Far from living through “a great transitional era,” Lyall happened to arrive during a period of modest growth, which had begun at the end of the recession of 1991–1992 and lasted until the first quarter of 2002. Although Blair’s youth and the liberal evangelism of his rhetoric raised great expectations when he was elected in 1997, there was no cultural or political revolution for Lyall to witness. Blair and Brown proved to be disconcertingly faithful stewards of the legacy they inherited from Thatcher and Major, and the biggest change in Britain since 1994, as here, has been the impact of the global digital economy, along with all the consequences, domestic and foreign, that have followed from Downing Street’s blind collusion with the Bush administration in the invasion of Iraq and the war on terror. Since Lyall’s main interest is in what she sees as the repressed and masochistic British character, none of this ought to matter much, but her false and misleading historical framework so colors her first-person observations that her version of Britain sometimes reads to me like an account of an imaginary country that has certain poignant similarities to my own.

The book begins with a sketch of a chilly picnic with an unnamed earl and his family on their enormous country estate. Having fished the nobility from their private quarters in the stately home, Lyall and her husband are driven off in a pair of comically disreputable Jeeps to the chosen picnic site, “a decrepit, semi-burned-down barn.” There, they unpack the food (“Hot canned cream of tomato soup in a thermos, poured into Styrofoam cups. Make-your-own sandwiches of processed supermarket ham on white, Wonder-style bread”) and “some very nice wine for the grownups.” The earl talks of “his latest quixotic scheme, investing in obscure British films, few of which had yet made it to the cinema.”

It’s a scene from Wodehouse: the scruffy aristo, blathering on about his eccentric hobby, might be a first cousin to Lord Emsworth, lost to the world in the pages ofWhiffle on the Care of the Pig. But this particular earl is plainly identifiable as Henry Herbert, 17th Earl of Pembroke, who, until his death in 2003, combined farming his estate, and turning Wilton House near Salisbury into a major pillar of the British tourist industry, with a long career as a film and TV director.

It wasn’t a hugely distinguished career: probably his best-known movie was a soft-porn romp involving Koo Stark, and he was regularly employed by the BBC to direct episodes of various popular detective series, as well as a more ambitious three-part biopic of Oscar Wilde starring Michael Gambon. Having started as a “glorified tea boy” on the set ofThe Heroes of Telemarkin the early 1960s, he was a reluctant heir to Wilton House when his father died young in 1969, but continued to direct and produce through the 1990s, when Lyall encountered him.

She is determined to paint Herbert as a mossy relic of the ancien régime, when in fact he, as well as anyone, exemplified the changes happening in postwar Britain. That he was more proud of his work as a jobbing director than he was of being lord of Wilton House says much about him and the country, but Lyall’s deaf to this; what she wants is a real live earl in his earldom, and she ruthlessly edits his life according to her (very American) requirements, relegating his profession to a “quixotic” pastime.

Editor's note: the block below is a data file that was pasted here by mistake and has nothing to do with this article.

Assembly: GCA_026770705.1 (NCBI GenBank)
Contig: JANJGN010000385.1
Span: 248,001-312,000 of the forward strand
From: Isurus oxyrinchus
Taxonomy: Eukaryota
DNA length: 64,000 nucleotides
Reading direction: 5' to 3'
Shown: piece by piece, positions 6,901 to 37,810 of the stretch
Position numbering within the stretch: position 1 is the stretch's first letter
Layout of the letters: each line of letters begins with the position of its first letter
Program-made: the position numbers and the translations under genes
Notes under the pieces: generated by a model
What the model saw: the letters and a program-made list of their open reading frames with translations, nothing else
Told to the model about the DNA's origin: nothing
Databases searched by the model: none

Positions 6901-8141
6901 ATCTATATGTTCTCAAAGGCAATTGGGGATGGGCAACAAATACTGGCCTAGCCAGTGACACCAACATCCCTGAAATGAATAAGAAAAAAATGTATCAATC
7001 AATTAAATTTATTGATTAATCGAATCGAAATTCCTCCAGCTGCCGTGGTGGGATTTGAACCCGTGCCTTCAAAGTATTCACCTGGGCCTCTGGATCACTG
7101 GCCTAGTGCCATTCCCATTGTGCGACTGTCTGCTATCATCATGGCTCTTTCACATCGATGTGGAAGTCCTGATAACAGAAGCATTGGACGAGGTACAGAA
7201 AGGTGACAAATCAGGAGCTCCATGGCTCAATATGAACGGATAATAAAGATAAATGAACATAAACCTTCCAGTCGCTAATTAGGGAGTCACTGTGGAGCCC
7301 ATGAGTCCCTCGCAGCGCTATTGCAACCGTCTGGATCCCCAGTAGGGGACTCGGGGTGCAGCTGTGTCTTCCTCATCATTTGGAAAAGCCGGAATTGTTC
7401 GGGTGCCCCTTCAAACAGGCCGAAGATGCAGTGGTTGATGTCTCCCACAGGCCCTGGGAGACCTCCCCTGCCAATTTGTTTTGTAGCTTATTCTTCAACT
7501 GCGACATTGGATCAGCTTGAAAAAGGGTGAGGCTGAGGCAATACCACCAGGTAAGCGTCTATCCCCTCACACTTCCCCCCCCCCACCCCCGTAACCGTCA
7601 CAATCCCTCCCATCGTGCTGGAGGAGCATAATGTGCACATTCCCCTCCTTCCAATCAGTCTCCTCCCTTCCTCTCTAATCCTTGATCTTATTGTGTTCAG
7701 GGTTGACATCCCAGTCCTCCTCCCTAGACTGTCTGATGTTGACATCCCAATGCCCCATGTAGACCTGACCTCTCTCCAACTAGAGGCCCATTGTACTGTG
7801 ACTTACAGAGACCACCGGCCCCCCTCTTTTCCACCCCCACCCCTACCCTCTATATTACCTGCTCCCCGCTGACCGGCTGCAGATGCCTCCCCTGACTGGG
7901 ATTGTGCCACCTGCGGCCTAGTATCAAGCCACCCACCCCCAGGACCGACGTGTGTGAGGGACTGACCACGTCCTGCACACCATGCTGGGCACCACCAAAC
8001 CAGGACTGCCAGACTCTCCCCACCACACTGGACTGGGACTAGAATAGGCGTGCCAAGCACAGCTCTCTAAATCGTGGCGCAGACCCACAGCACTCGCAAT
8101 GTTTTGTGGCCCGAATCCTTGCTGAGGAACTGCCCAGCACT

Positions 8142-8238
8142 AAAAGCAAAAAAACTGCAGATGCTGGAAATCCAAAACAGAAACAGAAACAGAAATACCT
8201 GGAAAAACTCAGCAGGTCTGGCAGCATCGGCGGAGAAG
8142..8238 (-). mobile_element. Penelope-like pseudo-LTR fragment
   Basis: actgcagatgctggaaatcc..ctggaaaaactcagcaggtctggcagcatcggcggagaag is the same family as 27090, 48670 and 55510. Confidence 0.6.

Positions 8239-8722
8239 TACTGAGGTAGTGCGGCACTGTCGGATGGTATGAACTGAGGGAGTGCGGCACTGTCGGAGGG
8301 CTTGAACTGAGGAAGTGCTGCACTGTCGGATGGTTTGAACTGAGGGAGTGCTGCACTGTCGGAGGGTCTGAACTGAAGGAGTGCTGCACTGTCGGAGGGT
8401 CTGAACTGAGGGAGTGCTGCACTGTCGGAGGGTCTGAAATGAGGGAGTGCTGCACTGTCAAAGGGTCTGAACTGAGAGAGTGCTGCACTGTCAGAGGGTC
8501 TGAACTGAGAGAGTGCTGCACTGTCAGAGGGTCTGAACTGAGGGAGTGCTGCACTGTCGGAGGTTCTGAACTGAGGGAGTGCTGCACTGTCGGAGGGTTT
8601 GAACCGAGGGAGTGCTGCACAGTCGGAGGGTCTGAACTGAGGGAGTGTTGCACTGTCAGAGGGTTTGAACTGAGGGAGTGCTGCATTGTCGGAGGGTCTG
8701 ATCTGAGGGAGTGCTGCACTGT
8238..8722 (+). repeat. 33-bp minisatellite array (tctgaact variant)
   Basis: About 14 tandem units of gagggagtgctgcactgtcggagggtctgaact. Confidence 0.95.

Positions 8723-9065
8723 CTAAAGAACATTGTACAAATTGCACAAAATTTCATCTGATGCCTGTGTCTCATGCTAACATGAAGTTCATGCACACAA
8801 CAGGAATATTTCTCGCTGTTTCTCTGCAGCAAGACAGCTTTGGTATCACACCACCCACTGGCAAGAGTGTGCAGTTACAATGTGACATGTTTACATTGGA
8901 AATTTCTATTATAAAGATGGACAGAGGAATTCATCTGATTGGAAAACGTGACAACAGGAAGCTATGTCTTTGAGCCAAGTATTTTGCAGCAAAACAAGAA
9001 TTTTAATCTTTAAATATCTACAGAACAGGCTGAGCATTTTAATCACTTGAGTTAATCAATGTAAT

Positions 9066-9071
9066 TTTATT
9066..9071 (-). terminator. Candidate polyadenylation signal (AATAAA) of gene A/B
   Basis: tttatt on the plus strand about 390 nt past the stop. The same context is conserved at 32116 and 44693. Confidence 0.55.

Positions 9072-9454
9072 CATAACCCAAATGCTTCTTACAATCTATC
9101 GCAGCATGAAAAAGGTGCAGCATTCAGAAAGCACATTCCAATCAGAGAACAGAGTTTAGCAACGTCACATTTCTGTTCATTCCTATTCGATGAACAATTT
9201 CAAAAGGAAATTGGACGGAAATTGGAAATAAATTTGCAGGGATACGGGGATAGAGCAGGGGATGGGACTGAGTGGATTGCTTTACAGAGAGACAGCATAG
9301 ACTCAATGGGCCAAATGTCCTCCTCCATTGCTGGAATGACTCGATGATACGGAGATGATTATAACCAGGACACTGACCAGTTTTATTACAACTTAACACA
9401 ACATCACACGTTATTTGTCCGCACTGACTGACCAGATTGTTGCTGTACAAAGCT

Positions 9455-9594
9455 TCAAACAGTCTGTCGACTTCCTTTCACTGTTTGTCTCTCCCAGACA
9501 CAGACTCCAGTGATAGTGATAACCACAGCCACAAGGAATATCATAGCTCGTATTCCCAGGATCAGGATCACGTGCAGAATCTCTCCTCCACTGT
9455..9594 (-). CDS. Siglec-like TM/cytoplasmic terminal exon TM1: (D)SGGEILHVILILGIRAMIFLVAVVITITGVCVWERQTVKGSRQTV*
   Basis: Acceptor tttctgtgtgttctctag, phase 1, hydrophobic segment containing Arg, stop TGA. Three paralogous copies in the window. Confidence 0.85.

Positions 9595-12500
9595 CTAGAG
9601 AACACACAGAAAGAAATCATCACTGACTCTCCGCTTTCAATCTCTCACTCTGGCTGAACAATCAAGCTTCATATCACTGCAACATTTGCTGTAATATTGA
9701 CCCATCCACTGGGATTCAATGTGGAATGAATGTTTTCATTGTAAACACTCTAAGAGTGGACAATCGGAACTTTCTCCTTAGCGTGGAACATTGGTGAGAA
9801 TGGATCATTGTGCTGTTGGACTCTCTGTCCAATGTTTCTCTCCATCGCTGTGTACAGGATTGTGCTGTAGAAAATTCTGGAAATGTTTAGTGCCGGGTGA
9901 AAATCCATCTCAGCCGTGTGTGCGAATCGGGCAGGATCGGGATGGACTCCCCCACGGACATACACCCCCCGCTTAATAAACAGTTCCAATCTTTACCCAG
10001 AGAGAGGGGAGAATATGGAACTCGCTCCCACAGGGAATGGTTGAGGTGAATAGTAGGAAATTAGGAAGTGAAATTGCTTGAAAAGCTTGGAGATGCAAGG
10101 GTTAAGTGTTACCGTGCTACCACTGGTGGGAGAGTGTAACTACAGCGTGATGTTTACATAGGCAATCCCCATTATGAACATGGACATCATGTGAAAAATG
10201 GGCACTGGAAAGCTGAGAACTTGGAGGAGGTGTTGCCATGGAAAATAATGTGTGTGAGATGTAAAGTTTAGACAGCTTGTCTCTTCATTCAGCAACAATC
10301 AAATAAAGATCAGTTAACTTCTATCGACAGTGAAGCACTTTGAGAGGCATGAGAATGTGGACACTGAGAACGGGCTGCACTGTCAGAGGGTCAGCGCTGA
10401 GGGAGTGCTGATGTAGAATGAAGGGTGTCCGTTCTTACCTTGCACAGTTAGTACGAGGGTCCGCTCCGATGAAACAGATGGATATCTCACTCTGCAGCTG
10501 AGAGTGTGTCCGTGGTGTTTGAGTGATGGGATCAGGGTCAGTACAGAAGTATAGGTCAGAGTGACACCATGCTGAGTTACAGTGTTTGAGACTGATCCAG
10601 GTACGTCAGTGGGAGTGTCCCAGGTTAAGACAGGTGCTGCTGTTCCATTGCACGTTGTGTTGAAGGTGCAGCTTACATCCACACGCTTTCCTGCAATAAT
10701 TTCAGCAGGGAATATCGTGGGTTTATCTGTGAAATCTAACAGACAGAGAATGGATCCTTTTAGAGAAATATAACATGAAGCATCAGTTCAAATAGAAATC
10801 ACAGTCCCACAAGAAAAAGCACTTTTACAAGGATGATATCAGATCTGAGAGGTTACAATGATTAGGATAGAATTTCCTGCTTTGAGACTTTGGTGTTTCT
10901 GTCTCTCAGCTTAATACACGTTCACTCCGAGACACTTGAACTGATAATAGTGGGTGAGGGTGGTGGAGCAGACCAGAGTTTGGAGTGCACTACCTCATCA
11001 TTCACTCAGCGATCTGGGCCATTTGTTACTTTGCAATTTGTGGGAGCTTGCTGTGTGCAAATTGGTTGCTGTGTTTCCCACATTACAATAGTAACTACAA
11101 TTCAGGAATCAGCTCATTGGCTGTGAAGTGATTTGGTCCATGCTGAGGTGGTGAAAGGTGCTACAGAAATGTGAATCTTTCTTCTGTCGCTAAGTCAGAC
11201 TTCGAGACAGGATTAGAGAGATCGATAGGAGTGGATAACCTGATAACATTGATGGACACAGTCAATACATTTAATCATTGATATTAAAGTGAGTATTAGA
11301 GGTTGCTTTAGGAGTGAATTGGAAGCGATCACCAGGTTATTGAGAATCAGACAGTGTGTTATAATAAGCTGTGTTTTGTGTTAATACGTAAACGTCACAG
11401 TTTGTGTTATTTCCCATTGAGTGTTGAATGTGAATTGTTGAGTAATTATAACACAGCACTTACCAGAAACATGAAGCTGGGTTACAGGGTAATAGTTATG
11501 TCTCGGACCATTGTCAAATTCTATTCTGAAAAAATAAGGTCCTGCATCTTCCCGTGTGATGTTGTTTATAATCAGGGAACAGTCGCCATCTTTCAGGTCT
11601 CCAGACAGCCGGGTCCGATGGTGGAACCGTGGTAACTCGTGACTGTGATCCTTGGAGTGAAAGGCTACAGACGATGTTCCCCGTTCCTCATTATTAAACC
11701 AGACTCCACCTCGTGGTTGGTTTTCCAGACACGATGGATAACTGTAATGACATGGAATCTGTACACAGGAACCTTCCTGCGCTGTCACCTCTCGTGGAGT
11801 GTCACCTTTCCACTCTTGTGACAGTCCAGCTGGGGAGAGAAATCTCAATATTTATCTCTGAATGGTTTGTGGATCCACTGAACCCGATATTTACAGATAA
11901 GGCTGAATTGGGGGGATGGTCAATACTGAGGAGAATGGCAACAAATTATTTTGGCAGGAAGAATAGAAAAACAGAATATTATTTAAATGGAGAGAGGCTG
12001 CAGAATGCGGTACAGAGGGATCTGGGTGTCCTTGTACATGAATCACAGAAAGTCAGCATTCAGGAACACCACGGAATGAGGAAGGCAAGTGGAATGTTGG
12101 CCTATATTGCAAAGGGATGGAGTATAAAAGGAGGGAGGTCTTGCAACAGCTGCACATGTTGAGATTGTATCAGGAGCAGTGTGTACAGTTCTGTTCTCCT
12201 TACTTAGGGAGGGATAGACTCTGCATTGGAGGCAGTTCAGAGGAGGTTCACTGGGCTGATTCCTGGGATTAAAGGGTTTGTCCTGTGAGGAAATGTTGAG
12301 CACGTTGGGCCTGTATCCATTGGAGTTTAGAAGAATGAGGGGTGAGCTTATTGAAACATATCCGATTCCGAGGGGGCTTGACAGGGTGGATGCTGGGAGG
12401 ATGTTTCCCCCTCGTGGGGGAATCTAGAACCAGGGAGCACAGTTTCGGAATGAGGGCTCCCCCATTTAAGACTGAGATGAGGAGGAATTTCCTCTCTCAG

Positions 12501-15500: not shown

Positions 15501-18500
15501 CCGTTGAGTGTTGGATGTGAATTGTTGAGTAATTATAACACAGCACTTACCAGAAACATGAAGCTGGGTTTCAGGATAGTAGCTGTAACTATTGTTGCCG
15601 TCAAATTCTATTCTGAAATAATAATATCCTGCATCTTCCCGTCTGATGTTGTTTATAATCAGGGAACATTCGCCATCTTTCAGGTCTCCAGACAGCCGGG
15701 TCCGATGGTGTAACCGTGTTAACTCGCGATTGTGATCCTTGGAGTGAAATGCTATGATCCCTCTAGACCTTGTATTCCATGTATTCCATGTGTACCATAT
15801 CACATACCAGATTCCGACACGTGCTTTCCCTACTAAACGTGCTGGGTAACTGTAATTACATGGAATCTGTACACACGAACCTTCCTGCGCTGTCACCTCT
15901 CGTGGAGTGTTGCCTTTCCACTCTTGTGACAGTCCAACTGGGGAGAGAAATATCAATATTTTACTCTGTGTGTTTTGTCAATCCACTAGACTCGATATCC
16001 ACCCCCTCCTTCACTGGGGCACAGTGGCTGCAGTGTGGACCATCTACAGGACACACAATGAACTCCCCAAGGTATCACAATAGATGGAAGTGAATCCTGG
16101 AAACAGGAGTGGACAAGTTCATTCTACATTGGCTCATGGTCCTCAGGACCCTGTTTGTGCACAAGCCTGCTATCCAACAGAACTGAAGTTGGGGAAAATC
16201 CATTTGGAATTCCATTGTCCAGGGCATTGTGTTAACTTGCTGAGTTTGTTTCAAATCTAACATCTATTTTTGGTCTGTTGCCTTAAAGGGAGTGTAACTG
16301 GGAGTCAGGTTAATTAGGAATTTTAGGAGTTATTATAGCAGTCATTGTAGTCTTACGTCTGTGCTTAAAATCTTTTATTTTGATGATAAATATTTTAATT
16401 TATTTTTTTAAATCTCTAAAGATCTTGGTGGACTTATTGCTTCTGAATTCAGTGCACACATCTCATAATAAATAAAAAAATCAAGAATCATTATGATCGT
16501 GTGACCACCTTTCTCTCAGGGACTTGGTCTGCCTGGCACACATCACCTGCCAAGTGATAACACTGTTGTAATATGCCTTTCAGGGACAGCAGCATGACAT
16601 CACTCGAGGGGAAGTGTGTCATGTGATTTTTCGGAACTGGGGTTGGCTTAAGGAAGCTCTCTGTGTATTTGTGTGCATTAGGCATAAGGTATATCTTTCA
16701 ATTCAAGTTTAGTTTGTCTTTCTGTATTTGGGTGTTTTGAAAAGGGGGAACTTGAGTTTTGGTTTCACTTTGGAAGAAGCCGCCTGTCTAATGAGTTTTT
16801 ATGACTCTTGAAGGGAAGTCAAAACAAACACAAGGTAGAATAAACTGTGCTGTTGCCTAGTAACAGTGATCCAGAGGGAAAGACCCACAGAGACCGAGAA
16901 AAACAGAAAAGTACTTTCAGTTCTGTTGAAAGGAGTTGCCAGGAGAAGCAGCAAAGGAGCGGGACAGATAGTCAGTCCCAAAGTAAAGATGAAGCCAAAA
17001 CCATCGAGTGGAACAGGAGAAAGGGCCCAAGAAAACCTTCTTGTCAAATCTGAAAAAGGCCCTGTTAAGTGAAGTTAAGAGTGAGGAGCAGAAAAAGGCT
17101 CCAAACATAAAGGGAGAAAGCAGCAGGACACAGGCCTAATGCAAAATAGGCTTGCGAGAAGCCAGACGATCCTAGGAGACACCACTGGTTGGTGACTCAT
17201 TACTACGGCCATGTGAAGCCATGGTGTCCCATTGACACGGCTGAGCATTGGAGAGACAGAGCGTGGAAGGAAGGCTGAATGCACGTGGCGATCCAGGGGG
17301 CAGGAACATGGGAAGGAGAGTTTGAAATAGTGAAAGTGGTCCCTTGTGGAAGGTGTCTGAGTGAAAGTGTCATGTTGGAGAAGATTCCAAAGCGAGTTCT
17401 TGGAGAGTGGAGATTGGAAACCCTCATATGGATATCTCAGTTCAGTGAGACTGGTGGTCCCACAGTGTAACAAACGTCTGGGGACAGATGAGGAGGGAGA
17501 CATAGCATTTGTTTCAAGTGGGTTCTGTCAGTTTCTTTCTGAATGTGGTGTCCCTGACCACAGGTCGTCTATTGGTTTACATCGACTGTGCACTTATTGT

Her treatment of Henry Herbert is characteristic of the book. In 2005, she wrote a piece for theTimesabout the ailing Little Chef chain of roadside eateries, in which she harped on the unappetizing food, the ubiquitous pools of baked beans, the dirty, uncollected plates on tables, and wondered why its uncomplaining English customers could tolerate such culinary nastiness. That piece is reprised here, but with the startling claim that “Little Chef was the missing link between a past of privation and a future of abundance.”

Like the mediocre chain restaurants that crowd the exits on US freeways, Little Chef is not a missing link between anything and anything; it’s a convenience stop for motorists who can’t be bothered to detour in search of somewhere better. The chief difference between Little Chef and its American counterparts is that here, at least in the rural West, there probably isn’t anywhere better for the next hundred and fifty miles, while in England, if you head for the church spire beyond the trees, you have a fair chance of finding a gastropub with a decent wine list and a chalkboard daily menu.

Lyall needs Little Chef to demonstrate “the nation’s low expectations and high endurance threshold” at the time of her arrival, and so she has to wipe from the picture the long wave of change that has been rolling through Britain’s kitchens and restaurants ever since rationing ended in 1953. Aside from a passing nod to Elizabeth David, it’s as if the host of cookbook writers, television chefs, restaurateurs, and editors of restaurant guides—Jane Grigson, Raymond Postgate, Robert Carrier, Philip Harben, Egon Ronay, Christopher Driver, Marco Pierre White, Raymond Blanc, Anton Mosimann, Albert and Michel Roux, Pierre Koffman, and many others—had never existed, and that Jamie Oliver, the Naked Chef, and Gordon Ramsay, the foul-mouthed chef, had sprung fully formed in 1998 from a uniformly gray culinary wasteland of all-day breakfasts and HP sauce. One can find bad food anywhere in the world, but—outside America’s major cities and college towns—it has long been possible to eat better in Britain than in the United States.